The September quarter was bound to be soft for MGM as it bore some of the costs to produce the latest James Bond film, Spectre, and the Rocky sequel Creed, but without the ability to collect revenues prior to their release.
Still, an $83 million income tax benefit and $3 million of interest income softened the blow. MGM also gave itself a vote of confidence by making stock repurchases: It reported $226 million and says that much of that took place in the quarter.
With the one-time benefits folded in, the studio ended up with $124.0 million in net income — up from $28.6 million in the period last year — on revenues of $212.1 million, down 9.1%.
“We are poised to deliver terrific performance in 2015 despite the performance of the US dollar,” CEO Gary Barber told investors in the privately held company. “We are in an exceptionally strong financial position.” In addition to revenues from Spectre, he’s optimistic about Creed.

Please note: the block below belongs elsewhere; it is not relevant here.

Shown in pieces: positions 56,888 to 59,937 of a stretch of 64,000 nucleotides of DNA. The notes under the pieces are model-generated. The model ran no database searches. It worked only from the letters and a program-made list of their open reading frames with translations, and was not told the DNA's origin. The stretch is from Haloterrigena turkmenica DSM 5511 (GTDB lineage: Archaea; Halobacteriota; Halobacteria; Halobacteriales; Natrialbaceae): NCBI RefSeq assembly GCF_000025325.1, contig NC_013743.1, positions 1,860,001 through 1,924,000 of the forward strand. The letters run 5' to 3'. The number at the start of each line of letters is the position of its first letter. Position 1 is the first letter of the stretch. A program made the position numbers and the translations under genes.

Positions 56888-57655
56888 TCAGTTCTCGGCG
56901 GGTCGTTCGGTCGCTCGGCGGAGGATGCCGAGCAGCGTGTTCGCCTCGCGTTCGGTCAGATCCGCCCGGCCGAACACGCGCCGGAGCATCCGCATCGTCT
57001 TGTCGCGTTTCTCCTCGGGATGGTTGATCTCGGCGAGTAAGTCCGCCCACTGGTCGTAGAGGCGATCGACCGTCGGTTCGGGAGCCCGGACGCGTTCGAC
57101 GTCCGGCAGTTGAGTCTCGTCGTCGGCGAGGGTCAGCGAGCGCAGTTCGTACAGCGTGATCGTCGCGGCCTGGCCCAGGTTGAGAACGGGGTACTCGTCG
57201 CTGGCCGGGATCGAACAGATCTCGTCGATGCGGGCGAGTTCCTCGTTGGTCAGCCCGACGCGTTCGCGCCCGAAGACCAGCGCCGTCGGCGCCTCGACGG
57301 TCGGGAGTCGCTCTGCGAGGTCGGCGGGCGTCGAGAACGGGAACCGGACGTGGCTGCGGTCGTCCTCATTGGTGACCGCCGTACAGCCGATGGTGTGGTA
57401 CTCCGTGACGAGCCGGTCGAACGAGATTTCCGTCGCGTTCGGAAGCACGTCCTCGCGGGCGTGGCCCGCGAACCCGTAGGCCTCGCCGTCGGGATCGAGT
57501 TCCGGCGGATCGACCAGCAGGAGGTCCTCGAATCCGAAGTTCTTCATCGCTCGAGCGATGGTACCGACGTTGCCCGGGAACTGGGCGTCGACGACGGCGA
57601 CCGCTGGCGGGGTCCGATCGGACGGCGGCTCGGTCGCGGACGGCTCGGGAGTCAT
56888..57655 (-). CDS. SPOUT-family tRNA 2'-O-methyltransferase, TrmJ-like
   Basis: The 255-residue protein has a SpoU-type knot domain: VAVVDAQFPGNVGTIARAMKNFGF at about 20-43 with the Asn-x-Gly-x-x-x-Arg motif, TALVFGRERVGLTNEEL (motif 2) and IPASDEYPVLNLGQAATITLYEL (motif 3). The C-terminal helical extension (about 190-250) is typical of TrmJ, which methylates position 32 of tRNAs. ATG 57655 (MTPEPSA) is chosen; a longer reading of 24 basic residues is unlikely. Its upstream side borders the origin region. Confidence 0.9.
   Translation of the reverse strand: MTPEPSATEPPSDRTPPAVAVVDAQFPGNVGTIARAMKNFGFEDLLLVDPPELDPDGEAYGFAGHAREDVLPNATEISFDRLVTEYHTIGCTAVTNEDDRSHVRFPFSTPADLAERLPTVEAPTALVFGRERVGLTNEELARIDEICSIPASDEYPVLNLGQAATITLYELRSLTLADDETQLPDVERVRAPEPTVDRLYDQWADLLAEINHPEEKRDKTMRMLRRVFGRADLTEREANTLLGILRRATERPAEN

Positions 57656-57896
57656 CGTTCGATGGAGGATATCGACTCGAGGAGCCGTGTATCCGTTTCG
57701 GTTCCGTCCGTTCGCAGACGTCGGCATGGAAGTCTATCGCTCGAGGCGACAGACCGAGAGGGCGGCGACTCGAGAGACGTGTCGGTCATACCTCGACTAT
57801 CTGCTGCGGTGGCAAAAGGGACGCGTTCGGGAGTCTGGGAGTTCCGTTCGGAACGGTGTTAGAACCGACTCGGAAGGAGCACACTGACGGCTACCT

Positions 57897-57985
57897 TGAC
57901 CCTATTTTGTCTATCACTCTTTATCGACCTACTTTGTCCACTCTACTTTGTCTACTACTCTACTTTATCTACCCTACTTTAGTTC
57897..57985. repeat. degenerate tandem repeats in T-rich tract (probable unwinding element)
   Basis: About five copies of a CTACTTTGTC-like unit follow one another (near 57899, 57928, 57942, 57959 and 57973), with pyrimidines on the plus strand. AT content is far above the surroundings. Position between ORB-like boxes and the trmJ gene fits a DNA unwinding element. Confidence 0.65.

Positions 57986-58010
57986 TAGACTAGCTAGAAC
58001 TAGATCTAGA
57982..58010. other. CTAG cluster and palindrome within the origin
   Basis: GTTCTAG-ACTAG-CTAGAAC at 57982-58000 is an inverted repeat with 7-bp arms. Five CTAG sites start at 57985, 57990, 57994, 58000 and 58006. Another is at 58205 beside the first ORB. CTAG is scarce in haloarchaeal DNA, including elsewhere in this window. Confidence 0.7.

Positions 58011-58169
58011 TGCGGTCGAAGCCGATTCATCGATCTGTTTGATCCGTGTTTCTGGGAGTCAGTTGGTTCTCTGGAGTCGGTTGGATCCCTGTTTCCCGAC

Barber says he has talked to “every studio” about distribution rights for the next Bond film. He says that “there will be a tremendous amount of interest,” but did not offer specifics.
He also says that the decision to move Ben Hur to August from February was “purely an evaluation of the competitive marketplace.”
The theatrical unit had worldwide revenue of $5.7 million, down 12.3%. Home entertainment sales, at $31.0 million, fell 25.7%. The studio had Hot Pursuit and Poltergeist but doesn’t control all of the rights. MGM expects the operation to improve in the current quarter as MGM promotes old James Bond and Rocky movies.
Television came to MGM’s rescue with $152.5 million in licensing revenues, up 1.3%. The period included pay television and streaming sales for The Hobbit: The Battle Of The Five Armies, and season 2 of Fargo on FX.
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